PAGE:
On 19 June the blog reached 500,000 and just a moment ago, 102 days later, it achieved 600,000. I am aware that most citizens will continue with their post-Sunday lunch nap, but I judge that my select group of readers will at least raise one eyebrow before returning to their even more serious reading. The total is far higher than I conceived possible when I began the blog two years and 10 months ago, when I felt lucky if I got 20 readers a day. The current daily page-view rate is roughly a thousand.
The snapshot of the past month shows a pronounced ISIR conference peak, and the most popular posts in that period are all about the conference.
The all-time greats remain the familiar old posts, with a few additions in the lower ranks:
Where do readers come from?
Readers are almost 6 times more likely to be in the US than the UK. The peak age for readers is 18-35 range, going down gradually to age 65+. So, the message is getting through to those who have most of their working life ahead of them, and might make decisions based on intelligence results. Readers are interested in science, news and politics. In terms of how they get to the blog, last month 4080 visitors came directly (loyal established readers?) 3912 through social media (loyal plus new readers?) 2822 through “organic search” (searchers for knowledge?) and 2634 through referral (new readers willing to admit they are searching for knowledge?).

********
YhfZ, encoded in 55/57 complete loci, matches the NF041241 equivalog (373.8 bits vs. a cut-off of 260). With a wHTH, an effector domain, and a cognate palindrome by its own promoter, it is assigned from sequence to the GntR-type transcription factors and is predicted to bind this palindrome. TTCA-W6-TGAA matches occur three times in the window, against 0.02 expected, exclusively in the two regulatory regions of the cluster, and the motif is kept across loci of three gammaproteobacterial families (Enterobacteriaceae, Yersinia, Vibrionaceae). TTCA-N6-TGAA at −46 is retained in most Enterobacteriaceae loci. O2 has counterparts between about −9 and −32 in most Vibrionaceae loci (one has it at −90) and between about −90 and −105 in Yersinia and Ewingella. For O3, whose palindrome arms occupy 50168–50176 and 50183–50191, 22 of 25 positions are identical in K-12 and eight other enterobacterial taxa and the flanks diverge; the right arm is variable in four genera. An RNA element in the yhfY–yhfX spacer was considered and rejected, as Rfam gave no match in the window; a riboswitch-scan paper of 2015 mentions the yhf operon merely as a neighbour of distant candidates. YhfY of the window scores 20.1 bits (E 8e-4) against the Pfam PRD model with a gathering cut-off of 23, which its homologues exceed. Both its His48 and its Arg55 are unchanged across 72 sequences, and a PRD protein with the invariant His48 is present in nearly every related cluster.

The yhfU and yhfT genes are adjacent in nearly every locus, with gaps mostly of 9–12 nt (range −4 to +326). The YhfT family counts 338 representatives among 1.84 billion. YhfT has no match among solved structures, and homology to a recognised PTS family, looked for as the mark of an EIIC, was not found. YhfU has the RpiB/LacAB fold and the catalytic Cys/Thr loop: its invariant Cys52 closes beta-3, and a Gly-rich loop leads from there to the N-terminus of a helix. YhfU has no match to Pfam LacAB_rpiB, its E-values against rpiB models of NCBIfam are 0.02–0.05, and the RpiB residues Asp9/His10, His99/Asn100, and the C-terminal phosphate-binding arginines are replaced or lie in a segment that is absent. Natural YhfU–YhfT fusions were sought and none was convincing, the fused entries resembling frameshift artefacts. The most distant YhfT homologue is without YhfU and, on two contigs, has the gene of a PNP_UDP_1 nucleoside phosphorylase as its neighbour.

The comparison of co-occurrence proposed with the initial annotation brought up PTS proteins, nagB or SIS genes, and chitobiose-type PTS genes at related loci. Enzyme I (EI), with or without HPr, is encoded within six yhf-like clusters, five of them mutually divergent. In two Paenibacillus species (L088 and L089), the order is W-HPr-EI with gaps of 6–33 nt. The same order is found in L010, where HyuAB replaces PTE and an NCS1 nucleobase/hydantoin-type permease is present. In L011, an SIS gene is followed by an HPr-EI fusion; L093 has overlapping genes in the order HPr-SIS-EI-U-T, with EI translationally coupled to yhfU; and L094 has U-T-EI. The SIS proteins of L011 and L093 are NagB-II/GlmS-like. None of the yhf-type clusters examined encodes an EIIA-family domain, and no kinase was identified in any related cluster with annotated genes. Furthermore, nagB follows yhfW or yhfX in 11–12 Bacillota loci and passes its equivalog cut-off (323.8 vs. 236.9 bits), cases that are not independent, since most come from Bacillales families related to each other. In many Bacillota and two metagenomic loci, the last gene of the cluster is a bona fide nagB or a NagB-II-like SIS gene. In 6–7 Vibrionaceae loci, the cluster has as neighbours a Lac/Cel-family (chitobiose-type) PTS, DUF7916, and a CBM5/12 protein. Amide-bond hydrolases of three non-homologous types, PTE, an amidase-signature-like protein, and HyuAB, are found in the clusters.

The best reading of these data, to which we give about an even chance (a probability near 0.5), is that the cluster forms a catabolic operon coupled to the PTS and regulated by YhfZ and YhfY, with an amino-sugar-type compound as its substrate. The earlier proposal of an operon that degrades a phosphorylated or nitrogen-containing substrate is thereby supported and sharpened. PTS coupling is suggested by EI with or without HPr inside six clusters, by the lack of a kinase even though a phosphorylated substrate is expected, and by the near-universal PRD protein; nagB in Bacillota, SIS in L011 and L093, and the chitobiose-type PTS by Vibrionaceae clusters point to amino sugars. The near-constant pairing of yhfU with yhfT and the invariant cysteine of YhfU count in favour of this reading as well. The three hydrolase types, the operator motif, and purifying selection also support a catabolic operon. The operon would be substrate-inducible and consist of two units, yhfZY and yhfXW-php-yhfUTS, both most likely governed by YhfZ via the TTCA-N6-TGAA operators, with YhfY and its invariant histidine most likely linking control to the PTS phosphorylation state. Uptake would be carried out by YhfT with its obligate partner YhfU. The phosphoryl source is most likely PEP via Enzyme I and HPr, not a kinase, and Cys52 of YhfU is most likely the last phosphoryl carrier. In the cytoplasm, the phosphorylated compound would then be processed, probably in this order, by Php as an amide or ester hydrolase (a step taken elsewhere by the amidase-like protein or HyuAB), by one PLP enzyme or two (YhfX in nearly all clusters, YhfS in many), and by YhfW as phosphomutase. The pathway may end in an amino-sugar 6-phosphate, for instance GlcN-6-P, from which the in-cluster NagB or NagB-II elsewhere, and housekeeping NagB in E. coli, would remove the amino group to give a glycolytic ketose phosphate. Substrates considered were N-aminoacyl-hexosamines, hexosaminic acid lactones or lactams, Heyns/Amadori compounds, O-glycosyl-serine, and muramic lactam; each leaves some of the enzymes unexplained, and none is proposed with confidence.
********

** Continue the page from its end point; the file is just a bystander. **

There is a tendency for the longer essays to get correspondingly longer reading times, suggesting readers stick with the content. The item on whether Asians were bright but lacking in curiosity made people read for 6 minutes, whilst shorter conference announcements got half that duration of attention, all consistent with visitors being real readers.
Twitter is my hyper-active front-runner for the slower meditative page-turners of my blog. Precis is good for the mind. I have a few more followers (now at 1,262) which is welcome. Of course, I want the right sort of followers: those who contribute to knowledge, even when they just ask questions. I tweet sparingly (on average 3 or 4 a day) and virtually always only about blog posts or published work. I get 107 retweets per 100 tweets, and almost always respond to tweets with further answers.
Request: Could I ask university teachers and researchers to select one of their students, and get them to critique one of my posts, or to take up one of the suggestions for further research? It would be good to have more psychology student readers (not that I know how many of my readers are in that category) and I think that will come if psychology teachers get their students to have a look at the blog.
If you have any suggestions for getting more blog readers please let me know.
The Donate button is down on the bottom right. Just one gentle press does the trick. $35 buys readership of a pay-walled paper (this is just a price guideline) $20 buys a printer ink cartridge, $15 any number of coloured pencils. What more do I need, other than to keep up my enthusiasm, secure in the knowledge my readers are changing the world?